6 steps to modernizing your data warehouse in the cloud

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On-premise data warehouses can be incredibly expensive and difficult to maintain. Beyond the cost of building the infrastructure, you have to consider ongoing hardware updates, hiring skilled admins, fault-proofing, and more.

For many businesses, this on-premise infrastructure can become too much to manage in time.

That's where moving to a cloud data warehouse becomes more appealing. In the public cloud, scalability, reliability and ease-of-access are built-in. You can benefit from quick deployment and lower costs, allowing you to champion innovation.

Keen to find out more? Let's explore your options before explaining the six key steps to modernization.

Prefer video? Watch the full session on Modernizing your Data Warehouse in the Cloud

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Your cloud data warehouse options

Of course, there are a lot of options to choose from when looking for a cloud data warehouse. Your choice is determined by several factors:

  • You might already be using one ecosystem (e.g. AWS), so it makes more sense to stick with it.
  • One of your teams might prefer one option over another.
  • You're either looking for more efficiency and simplicity, or you want to avoid vendor lock-in.

The last factor will decide whether you choose one vendor or multiple vendors.

Here are some of the top cloud data warehouses on the market:

  • Amazon Redshift is one of the most utilized warehouses on the market. It's brilliant for predictable pricing, support for transactional data, and familiarity.
  • Google BigQuery is good for workloads with huge spikes. You have access to a fast engine when you need it.
  • Snowflake is the new kid on the block. It takes more of an ELT approach and is more flexible and intuitive than some of the other options, such as Redshift.
  • Yellowbrick Data is ****a unique cloud data warehouse that offers solutions for a hybrid cloud approach.
  • IBM Db2 Database is a relational database that specializes in providing actionable and insightful data insights.

The 6 pillars of data warehouse modernization

Now that we've given a brief overview of some of the various cloud data warehouses on the market, let's explore the six pillars you need to consider when modernizing your warehouse.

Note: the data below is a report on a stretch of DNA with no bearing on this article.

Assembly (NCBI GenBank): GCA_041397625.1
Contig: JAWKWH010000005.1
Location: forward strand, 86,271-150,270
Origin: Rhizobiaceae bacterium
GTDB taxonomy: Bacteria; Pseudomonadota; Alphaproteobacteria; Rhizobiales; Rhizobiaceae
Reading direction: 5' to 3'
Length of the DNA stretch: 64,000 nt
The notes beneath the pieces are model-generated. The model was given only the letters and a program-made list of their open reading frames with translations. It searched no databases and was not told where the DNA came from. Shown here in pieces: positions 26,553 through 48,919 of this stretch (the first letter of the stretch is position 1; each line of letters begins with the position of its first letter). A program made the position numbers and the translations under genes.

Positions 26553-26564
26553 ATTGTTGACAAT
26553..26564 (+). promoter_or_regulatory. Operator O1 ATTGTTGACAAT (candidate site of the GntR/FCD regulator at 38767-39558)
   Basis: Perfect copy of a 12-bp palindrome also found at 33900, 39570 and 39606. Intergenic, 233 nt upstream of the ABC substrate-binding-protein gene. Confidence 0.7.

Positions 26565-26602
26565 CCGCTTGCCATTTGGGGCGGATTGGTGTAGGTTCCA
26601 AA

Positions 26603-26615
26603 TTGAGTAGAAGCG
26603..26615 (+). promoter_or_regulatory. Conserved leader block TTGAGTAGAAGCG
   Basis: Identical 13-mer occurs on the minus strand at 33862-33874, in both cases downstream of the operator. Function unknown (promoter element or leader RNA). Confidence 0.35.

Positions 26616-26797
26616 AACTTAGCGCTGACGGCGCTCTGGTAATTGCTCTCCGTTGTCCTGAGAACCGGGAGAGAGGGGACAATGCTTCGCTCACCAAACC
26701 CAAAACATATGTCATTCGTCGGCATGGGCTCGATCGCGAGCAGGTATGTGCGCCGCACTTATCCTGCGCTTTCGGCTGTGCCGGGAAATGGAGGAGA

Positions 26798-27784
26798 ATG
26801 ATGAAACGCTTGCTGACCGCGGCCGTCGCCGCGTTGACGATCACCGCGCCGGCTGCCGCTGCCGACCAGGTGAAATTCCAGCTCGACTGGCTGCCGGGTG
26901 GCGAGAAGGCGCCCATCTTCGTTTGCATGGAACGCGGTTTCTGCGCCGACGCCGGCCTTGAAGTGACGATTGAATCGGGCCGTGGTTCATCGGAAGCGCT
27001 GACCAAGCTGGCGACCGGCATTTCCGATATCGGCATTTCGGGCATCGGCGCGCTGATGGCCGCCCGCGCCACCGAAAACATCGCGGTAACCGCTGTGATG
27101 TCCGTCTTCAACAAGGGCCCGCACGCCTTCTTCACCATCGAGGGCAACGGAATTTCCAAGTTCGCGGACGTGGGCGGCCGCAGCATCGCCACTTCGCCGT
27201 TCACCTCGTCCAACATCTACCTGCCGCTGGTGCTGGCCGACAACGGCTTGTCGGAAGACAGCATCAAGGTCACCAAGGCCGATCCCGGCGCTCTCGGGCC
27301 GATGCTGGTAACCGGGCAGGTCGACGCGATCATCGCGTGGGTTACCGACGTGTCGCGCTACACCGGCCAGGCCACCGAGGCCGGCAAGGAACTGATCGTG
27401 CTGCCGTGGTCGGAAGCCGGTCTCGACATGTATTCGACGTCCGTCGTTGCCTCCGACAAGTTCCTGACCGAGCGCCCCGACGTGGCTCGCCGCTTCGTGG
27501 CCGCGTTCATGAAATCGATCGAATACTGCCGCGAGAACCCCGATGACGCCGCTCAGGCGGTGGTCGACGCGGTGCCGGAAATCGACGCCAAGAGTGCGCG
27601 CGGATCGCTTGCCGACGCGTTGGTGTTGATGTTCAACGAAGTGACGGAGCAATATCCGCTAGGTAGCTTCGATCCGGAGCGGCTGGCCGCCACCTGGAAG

1. Architecture

Let's start with your architecture.

This typically involves taking information from your databases, applications and repositories, staging it, and then loading it into a data warehouse.

But there are a couple of different ways to go about it.

Data push vs data pull

  • Pushing to the cloud. In this case, you have your ETL sitting locally on your on-premise infrastructure. All you need to do is push those resources into your cloud staging area, and then pipeline that to your chosen data warehouse.
  • Pulling data from on-prem. In this instance, you open up ports to a cloud ETL provider, who would then perform the staging and loading into the cloud data warehouse. Bear in mind, however, that this approach can rack up network charges and compute resources.

Either approach works; it's entirely down to your organization and the cost and resource factors involved.

2. Building modern ETL data pipelines

Next, you'll need to plan the implementation; how do you plan on getting your data from your on-premise or cloud resources and into a new data warehouse?

Think about the following:

  • Use case. Your industry might determine the way in which you move your data. Healthcare organizations, for instance, may need to process their data in an on-premise environment rather than in the cloud. On top of this, you'll need to consider your sensitive data and any future projects you plan to build. How will data regulations and compliance factor into your efforts?
  • Managed services vs self-managed. Again, this is a question of your unique business needs. A managed service may be convenient and offer peace of mind, but a self-managed service will give you the flexibility to deploy and build data pipelines as you see fit.
  • Business needs. When choosing an ETL or ELT tool, look beyond your current needs. Will you need something that's more flexible and long-term? Are there other aspects of your business that could make use of this tool? If you're going to make a purchase, you may as well choose something that will stand the test of time and keep providing value.

The next question you'll need to ask yourself is: do we want a general-purpose or cloud-native ETL?

General-purpose vs cloud-native ETL

Oftentimes, you'll find that cloud-native tools are simple to use and provide good integration between specific systems and applications. But sometimes the simplest tool isn't the best.

For more complicated or custom transformations, cloud-native might not be fit for the job.